The Badgers, after a 48-17 creaming of Nebraska, are #4 according to the AP and #5 according to the coaches. Wisconsin’s toughest remaining game is either October 22 at Michigan State or November 19 at Illinois. Wisconsin should be favored in both. The Badgers have a clearer path to an undefeated season than any team other than Boise State. Don’t be surprised to see Wisconsin in New Orleans on January 9.

4. So is Clemson.

Yes, really. Clemson, currently #8 in both polls, may have a better trio of quality wins than anyone in the country. The Tigers are coming off of consecutive victories over defending national champion Auburn, preseason top-5 Florida State (albeit without starting QB EJ Manuel), and Virginia Tech in Blacksburg (by a score of 23-3). Clemson still has Georgia Tech in Atlanta, South Carolina in Columbia, and (possibly but probably) the ACC Championship Game, but the Tigers are more than capable of winning all three.

5. Brady Hoke made all my football dreams come true.

I’ve long been an advocate of 2-quarterback formations. Having 2 good quarterbacks should never be reason for controversy. Just play them both at the same time. (I’m not really an Xs-and-Os guy.)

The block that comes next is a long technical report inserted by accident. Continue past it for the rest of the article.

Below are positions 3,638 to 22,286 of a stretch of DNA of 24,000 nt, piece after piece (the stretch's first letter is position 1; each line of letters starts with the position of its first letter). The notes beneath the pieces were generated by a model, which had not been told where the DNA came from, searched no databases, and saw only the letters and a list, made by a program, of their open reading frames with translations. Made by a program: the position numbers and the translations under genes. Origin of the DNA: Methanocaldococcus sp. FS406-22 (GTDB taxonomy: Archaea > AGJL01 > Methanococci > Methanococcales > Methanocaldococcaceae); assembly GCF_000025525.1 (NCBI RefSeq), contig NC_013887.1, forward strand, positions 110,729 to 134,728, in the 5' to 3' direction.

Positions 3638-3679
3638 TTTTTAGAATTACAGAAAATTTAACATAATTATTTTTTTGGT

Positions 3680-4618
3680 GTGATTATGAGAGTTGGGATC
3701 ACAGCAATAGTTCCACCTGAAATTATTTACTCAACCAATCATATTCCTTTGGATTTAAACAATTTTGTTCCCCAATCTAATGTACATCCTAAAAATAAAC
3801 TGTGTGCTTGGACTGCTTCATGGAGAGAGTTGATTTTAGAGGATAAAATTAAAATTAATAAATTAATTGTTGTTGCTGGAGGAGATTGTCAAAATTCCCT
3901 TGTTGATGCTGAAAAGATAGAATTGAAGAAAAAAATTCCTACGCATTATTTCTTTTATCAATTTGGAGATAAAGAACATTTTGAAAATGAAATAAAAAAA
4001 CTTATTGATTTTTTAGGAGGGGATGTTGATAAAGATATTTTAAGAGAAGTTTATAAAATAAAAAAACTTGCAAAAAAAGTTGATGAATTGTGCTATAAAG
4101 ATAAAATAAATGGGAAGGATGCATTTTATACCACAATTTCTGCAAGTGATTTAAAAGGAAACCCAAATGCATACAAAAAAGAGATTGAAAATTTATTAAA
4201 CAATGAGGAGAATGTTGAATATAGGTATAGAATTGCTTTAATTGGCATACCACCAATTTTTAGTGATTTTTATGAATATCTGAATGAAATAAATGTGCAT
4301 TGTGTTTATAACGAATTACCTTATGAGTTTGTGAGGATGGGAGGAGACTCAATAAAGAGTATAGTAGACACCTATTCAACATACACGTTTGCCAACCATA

Saturday, on the second play of Michigan’s public shaming of Minnesota, coach Brady Hoke put back-up QB Devin Gardner under center and lined up Denard Robinson as a third halfback. The Wolverines used the 2-QB set 4 times against the Gophers. I can only hope that they’ll return to this formation next week at Northwestern.

6. Alex Smith might be an NFL quarterback after all.

Smith went for a respectable 21-for-33 for 291 yards, 2 touchdowns, and zero interceptions in the 49ers’ road win over the Eagles on Sunday. I was going to make an “Alex Smith has gotten more chances than anyone not named ________” joke, but I couldn’t think of anyone in sports, entertainment, or any other walk of life who has gotten more chances, without doing anything to earn them, than Alex Smith.